(3) A distinction was to be drawn between members of missions exercising senior functions and subordinate employees. In the case of subordinate employees who were not nationals of either the sending State or the receiving State and had been recruited locally, it was perfectly acceptable to subject their employment relationships to the jurisdiction of municipal courts as this did not interfere with the performance of the tasks of the Embassy. Whilst it was open to question whether a radio-telegraph operator fulfilled subordinate functions, it was clear that the clerical functions subsequently performed by the claimant for a number of years were indeed subordinate.

(4) The European Convention on State Immunity did not apply in relations between Switzerland and India. Although the Convention had been referred to in the jurisprudence of the Federal Tribunal as expressing the contemporary direction of international law, this did not indicate that it reflected the present state of customary international law so that no decisive conclusions could be drawn from its provisions in this case. The practice of Switzerland and other European States indicated that the employment relationship at issue was not regarded as being governed by jus imperii. The Indian Ambassador had stated that it was general practice for all members of the administrative and technical staff of a diplomatic mission to be regarded as Government officers whose position could not be modified by contractual stipulation. But this was not decisive since it had not been established that this alleged practice had been brought to the knowledge of the claimant prior to the conclusion of the contract so as to enable it to be relied upon against him.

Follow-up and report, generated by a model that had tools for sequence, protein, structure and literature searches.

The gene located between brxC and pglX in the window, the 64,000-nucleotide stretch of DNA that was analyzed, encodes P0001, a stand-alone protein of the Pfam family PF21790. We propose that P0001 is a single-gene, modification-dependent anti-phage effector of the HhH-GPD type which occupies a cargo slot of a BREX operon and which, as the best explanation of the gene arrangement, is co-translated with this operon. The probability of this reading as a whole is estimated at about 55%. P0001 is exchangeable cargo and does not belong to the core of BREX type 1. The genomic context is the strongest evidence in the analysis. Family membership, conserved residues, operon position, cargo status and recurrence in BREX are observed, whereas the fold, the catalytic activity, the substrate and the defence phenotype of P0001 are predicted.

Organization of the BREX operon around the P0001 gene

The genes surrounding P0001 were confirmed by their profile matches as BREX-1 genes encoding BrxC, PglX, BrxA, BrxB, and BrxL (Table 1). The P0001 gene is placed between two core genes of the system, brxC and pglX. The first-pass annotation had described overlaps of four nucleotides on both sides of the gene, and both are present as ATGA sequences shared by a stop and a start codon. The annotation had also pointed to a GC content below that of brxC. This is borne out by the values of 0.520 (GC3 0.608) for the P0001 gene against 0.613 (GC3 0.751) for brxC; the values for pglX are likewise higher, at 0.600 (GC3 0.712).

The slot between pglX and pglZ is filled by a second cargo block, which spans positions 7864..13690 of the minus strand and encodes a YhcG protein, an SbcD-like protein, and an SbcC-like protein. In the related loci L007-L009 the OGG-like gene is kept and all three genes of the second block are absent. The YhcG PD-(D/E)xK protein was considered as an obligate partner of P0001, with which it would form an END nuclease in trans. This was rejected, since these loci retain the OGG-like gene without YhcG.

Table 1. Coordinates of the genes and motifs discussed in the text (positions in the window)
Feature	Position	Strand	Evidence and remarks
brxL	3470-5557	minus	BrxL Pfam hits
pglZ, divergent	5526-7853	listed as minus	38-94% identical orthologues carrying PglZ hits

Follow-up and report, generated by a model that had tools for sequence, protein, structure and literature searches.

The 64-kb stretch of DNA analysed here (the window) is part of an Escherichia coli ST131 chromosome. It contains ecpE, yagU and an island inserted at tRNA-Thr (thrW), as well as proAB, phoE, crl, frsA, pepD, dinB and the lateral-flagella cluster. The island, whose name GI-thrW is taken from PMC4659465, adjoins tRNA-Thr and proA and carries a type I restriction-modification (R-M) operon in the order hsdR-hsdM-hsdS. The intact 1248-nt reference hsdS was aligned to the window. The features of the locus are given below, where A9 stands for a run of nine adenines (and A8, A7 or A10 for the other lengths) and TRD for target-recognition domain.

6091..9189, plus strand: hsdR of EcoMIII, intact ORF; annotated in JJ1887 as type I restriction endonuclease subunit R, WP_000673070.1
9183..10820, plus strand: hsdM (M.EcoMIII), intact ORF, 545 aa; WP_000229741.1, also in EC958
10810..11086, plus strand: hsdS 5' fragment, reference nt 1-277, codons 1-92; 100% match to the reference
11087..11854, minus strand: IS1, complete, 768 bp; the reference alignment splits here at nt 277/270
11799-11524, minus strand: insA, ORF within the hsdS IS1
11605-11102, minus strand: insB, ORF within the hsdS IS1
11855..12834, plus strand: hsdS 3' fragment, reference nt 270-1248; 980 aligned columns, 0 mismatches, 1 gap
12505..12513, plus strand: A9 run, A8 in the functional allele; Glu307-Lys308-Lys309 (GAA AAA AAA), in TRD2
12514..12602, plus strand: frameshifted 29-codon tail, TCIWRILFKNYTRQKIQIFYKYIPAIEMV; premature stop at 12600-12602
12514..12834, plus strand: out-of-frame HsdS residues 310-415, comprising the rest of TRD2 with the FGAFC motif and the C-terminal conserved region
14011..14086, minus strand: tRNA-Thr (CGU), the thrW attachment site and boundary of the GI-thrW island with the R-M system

The following is the text of the judgment of the Court:

A.By a letter of 11 December 1957 the Indian Embassy in Berne offered to employ S, an Italian national, as a radio-telegraph operator. S, who until that time had lived in Rome, had travelled to Switzerland as a tourist in November 1957 and took up his new employment on 13 January 1958 In the course of time, S performed fewer and fewer technical tasks and was moved instead to various forms of office work including the transposition of telex messages in technical language into good polished English, the translation of French newspaper reports and Italian correspondence into English and photography. From 1976 his functions were limited to those of an office clerk. The employment relationship was finally terminated on 30 June 1979.

B.Following his dismissal S lodged a claim for 20,000 Swiss francs against the Indian State, on the basis of his contract of employment. The Court of Appeal of the Canton of Berne limited its consideration of the case to the preliminary issue of the applicability of State and diplomatic immunity. On 25 May 1983, without considering the substance of the case, the Court of Appeal rejected the claim on the ground that, although the defendant was not entitled to State immunity, the claimant was covered by diplomatic immunity so that he was not subject to the jurisdiction of the Federal Swiss courts or the courts of Berne.

The claimant has appealed and contends that the decision of the Court of Appeal should be quashed, the jurisdiction of the Swiss courts upheld and the case remitted to the cantonal court for a decision on the merits. The Federal Tribunal allows the appeal.

From the grounds of the judgment

2.The Court of Appeal declined to exercise jurisdiction on the basis that the claimant was...